Soccer: A Change of Culture is Required

Soccer is not usually considered as a high-risk activity, particularly when it comes to concussion related issues. We have, however, seen a few episodes over the last days that deserve further comments.

1. 20th October 2013: Mathieu Flamini (Arsenal) suffers a concussion during the match vs. Norwich (View collision at 2:52)


Flamini was substituded straight away after being recognized by the medical staff and show clear symptoms of concussion (no loss of consciousness). He was out of the team until the game on Nov 10th.

Some further reading on this incident:
Daily mail news
Goal.com
2. 10th Nov 2013: Nemanja Vidic (Manchester Utd) is concussed on the Premier League game vs Arsenal.


He was released after the hit, and has been released from the hospital on Nov 11th. There’s not a specific plan for him to return to the pitch yet.

Some further reading on this incident:
Sky Sports
3. 3rd November 2013: Hugo Lloris (Tottenham Hotspurs) receives a big hit to his head from Romeu Lukaku’s (Everton FC) knee, during the Premier League game. The action results in a concussion for the Spur’s goalkeeper, including the temporary loss of consciousness.


This is the most controversial and relevant of the three actions, and the one that made us to prepare this post. Suffice it to say about the magnitude of the hit, that the Everton’s striker needed to be substituted.
The diagnosis of concussion was very clear, every hit that results in the loss of consciousness is a concussion. This is a fact internationally agreed by erveryone involved in concussion management. But the decision of the team manager was to send him back to play.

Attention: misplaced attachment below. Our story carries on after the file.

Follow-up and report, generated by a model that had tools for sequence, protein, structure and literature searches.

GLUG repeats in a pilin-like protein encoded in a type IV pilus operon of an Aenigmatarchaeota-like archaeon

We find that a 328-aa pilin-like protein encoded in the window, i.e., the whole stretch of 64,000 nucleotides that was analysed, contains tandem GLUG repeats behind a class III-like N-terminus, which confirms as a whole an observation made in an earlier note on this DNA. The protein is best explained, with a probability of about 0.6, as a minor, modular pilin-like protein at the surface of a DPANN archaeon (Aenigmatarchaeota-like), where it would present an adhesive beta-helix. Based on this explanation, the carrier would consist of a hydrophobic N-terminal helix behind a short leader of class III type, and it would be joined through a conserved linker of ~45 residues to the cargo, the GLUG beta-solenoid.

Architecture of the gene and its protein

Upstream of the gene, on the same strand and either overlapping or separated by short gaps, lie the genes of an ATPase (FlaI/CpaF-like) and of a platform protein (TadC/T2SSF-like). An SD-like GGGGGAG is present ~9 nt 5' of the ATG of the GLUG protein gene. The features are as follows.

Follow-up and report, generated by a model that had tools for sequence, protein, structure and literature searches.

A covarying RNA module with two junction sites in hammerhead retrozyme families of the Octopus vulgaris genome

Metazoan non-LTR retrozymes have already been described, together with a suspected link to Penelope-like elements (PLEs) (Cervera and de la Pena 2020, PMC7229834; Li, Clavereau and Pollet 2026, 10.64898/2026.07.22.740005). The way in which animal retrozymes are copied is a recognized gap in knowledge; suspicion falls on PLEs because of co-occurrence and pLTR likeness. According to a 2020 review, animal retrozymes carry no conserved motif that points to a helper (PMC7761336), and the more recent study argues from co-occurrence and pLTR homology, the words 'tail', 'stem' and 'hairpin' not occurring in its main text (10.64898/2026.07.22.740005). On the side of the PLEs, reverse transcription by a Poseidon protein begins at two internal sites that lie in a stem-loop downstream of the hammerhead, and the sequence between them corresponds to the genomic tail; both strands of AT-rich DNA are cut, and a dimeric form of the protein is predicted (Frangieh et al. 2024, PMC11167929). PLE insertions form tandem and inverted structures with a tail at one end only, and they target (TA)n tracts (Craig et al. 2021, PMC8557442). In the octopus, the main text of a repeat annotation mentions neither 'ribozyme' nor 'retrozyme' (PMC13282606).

Obviously, this decision has been strongly criticised from different sectors. The French goalkeeper was put into an unacceptable risky situation.

Some further reading on this incident:
BBC Sports
Headway – The Brain Injury Association (UK)
In particular, the third case shows very clearly two aspects of sports culture that need a change, and those have been targeted by Smart Head Play since the beginning of our activities.

a) Change of the culture: staying in the pitch after a blow in the head as a “sign of bravery”. It’s only an indicative of poor knowledge of the concussion itself and its effects.
b) Lack of specific education and preparation throughout the sports world. If this is the way a concussion is managed in the highest level of professional soccer, how worse can it be in the grassroots soccer clubs.

Our educational programs encourage the sports professionals to put the precaution as a basic pillar on the management of concussion. When there is a suspicion, any symptom that reveals a possible concussion is suffered, the duty of the coaches, teammates, umpires and parents is to put the player out of the game.
Check our education website

In conclusion, we’d like to share two posts from The Concussion Blog about this alarming episode. Our organisation fully embraces the ideas exposed here:

* Tottenham Hotspurs… More Like Tottenham Hotmess
* Soccer (Football) Suggested Changes

Thanks for reading.